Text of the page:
Economists were completely in favour of that, because of course, getting rid of regulation makes systems work better. The benefit was indirect, rather than direct. I was stunned when I first saw the data for the UK house private debt levels. Peter McCormack : Can you explain what deregulation of the mortgage market meant for the economy, and therefore what the impact was?
Building societies actually are intermediaries. Steve Keen : The building society then lends out again to people in the local area to build a property. You get a check drawn on the bank, the building society banks, rather than cash from the building society itself, or a deposit transfer from the building society. No money is created. Steve Keen : Then when Maggie deregulated the mortgage market in , that let the banks into it.
Simultaneously we record an asset for ourselves. You owe us 50, pounds. What you get is a positive feedback between the level of mortgage debt and the level of house prices. Steve Keen : America had these ups and downs all the way through its history, going back to as far as I can take it back, which is It was gob smacking. You also said that little has changed since the crisis of The US is potentially heading for a new financial crisis in One of my previous guests talked about a potential bond crisis.
Are you seeing a similar potential threat? My characterisation of what happens after a financial crisis depends on what happens to the level of private debt. The new money causes new demand as well. You get an economy dependent upon a high level of credit based demand. You imagine that much of a boost to a demand above and beyond the turnover of existing money.
Now what that gives you, an enormous swollen aggregate demand, which starts off in asset markets normally, cascades through the whole economy, causes a total slump. In the aftermath, people are trying to pay their debt down. That is that as you pay the debt down, as much as creating new debt creates additional demand, along with additional money, paying existing debt down destroys demand and destroys money. Peter McCormack : Right. That means that just relying upon bankruptcy processes or debt repayment processes can actually make a debt deflation worse.
What you have is in the aftermath, the debt stopped falling, people are borrowing money once more in America. Peter McCormack : Right, okay. Too much private debt is a problem also because it creates inequality? I added into it effectively bankers, by having debt, which capitalists would borrow, borrow money to finance building factories. It was all productive investment. The third social class, and the third social class makes its money by charging interest on the level of debt.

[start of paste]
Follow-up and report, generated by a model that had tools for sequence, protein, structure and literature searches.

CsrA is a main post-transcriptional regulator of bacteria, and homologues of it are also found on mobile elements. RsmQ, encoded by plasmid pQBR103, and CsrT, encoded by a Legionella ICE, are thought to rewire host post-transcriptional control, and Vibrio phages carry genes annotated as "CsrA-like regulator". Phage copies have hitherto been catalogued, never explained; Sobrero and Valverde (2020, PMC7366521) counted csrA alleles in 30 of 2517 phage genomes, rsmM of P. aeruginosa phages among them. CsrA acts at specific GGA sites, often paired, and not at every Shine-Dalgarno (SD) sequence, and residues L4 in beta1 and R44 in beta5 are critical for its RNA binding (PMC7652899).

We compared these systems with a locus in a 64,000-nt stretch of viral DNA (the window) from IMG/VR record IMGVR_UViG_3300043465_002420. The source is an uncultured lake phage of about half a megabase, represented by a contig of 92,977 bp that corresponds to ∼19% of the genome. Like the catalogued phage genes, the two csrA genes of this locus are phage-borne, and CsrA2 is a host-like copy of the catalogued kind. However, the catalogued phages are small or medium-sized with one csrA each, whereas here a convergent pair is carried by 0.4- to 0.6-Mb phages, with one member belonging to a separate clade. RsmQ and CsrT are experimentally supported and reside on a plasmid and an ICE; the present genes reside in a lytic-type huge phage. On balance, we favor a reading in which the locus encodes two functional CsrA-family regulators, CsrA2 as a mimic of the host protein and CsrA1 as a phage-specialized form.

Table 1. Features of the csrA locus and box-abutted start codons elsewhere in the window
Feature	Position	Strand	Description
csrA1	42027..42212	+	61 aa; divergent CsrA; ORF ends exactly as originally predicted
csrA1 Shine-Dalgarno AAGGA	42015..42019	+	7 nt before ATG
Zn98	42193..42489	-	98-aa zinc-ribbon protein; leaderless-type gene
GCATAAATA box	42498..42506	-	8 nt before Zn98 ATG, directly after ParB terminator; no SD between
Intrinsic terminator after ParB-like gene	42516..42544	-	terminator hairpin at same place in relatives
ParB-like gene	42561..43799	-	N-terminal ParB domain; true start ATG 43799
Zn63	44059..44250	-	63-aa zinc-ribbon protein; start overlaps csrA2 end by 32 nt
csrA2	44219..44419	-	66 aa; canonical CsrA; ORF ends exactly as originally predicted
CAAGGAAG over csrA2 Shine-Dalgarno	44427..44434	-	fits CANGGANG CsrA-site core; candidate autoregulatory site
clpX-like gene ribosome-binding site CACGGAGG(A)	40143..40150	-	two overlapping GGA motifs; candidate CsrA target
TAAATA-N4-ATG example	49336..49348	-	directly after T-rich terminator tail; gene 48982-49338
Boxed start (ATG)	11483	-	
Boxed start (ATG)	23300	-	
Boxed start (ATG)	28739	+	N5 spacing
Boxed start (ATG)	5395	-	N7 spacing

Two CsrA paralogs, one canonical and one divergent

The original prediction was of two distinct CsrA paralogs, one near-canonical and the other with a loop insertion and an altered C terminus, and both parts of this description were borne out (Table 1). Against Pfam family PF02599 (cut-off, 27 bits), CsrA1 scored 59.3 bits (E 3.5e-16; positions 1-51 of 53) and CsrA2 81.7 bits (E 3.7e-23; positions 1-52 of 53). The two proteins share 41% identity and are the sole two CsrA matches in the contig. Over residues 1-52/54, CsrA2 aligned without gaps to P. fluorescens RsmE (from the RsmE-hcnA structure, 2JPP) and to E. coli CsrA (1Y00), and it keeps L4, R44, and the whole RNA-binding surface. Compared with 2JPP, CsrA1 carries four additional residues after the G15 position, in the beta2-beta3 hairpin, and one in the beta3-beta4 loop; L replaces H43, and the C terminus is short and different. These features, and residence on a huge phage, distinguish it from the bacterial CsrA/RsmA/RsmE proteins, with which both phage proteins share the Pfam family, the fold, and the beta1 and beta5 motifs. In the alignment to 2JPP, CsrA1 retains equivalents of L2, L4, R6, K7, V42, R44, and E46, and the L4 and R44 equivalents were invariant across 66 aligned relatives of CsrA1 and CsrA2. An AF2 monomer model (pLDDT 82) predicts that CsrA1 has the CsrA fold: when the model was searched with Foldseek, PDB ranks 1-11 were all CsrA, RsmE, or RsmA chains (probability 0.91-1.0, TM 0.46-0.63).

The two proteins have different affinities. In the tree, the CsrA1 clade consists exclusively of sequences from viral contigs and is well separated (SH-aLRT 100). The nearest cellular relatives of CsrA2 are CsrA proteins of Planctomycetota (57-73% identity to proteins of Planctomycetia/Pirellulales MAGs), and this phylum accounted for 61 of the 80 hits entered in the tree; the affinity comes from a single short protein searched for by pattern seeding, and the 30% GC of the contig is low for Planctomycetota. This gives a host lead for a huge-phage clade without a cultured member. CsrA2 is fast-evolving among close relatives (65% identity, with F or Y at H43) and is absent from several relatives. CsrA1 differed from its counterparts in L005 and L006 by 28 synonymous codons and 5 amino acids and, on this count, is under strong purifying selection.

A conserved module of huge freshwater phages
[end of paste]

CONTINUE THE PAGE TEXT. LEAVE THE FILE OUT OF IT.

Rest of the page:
Even though the capitalists were doing the borrowing of the money, it was workers who paid for it, in terms of a lower income share. Steve Keen : That is you have a system which is driven by the rate of profit. The rate of profit determines the level of investment. Below it, they invest less than they earn, so they can pay some of their debt off. Ultimately, the boom hits. You have, in my model, you just have increasing wage costs.
In the real world, you have increasing raw materials cost as well. They stop investing. The economy slows down. Workers start to get higher unemployment and lower wage change coming out of that. Steve Keen : Now you repeat that process by several booms and slumps, and you finally get to the point where you have a crisis like we had in Capitalists getting much the same level, until the crunch hits.
Steve Keen : Rising inequality was actually an essential part of the model, in terms of how I built the model. Steve Keen : Totally. They had no damn idea the crisis was coming. They were completely surprised by it. They thought they understood the economy and they thought it was looking fantastic for They have no idea of what to do. Steve Keen : They did the one thing they knew how to do, which was throw money at the financial sector.
In the American economy, American legal system actually prevent the Federal Reserve having any accounting relations with the non-financial sector. There was a loophole, and that was actually eliminated by Glass-Steagall. The people that they have bank accounts for are financial institutions.
The one place they can pump money quickly is into the financial institutions. That will cause what they call a wealth effect, and the wealth effect would then mean the economy boom. The rising asset markets will counteract the decline in the economy. The ownership of shares is massively concentrated.
It added to the inequality that was already caused by the boom that led to the crisis in the first place. Peter McCormack : Therefore this inequality is probably leading to societal problems. Actually, do you think the Brexit vote and the election of Trump is a reflection on this social inequality? Steve Keen : Totally, totally. Again, I make a lot of these cases in my Debunking Economics as well.
What you have is a system which … The model that the Neo-Classical economists built completely leaves power out of the process. Perfect competition has no power. A worker is just as strong as an employer in the bargaining process to determine a wage. In fact, in the real world what it means is workers get screwed, manufacturing moves offshore, countries like the UK, which fall for this stuff, get completely de-industrialised.
Third World countries do pretty nicely out of it sometimes. What you get out of that is a resentment of the ex-working class and the ex-middle class, who are being shafted by the system. Yeah, that looks like a good idea to me.
Peter McCormack : Yes, and I will share that out in the show notes. It has to have flaws to function as a capitalist system. I think one of the great weaknesses of the human species is we have this belief of a perfect world, and you find it in every … Every culture has its Valhalla. Every society has this ideal world where everything happens perfectly, a bit Garden of Eden, etc. What economic theory, Neo-Classical theory promised was a perfect world on this planet. You get sucked into this belief in perfection.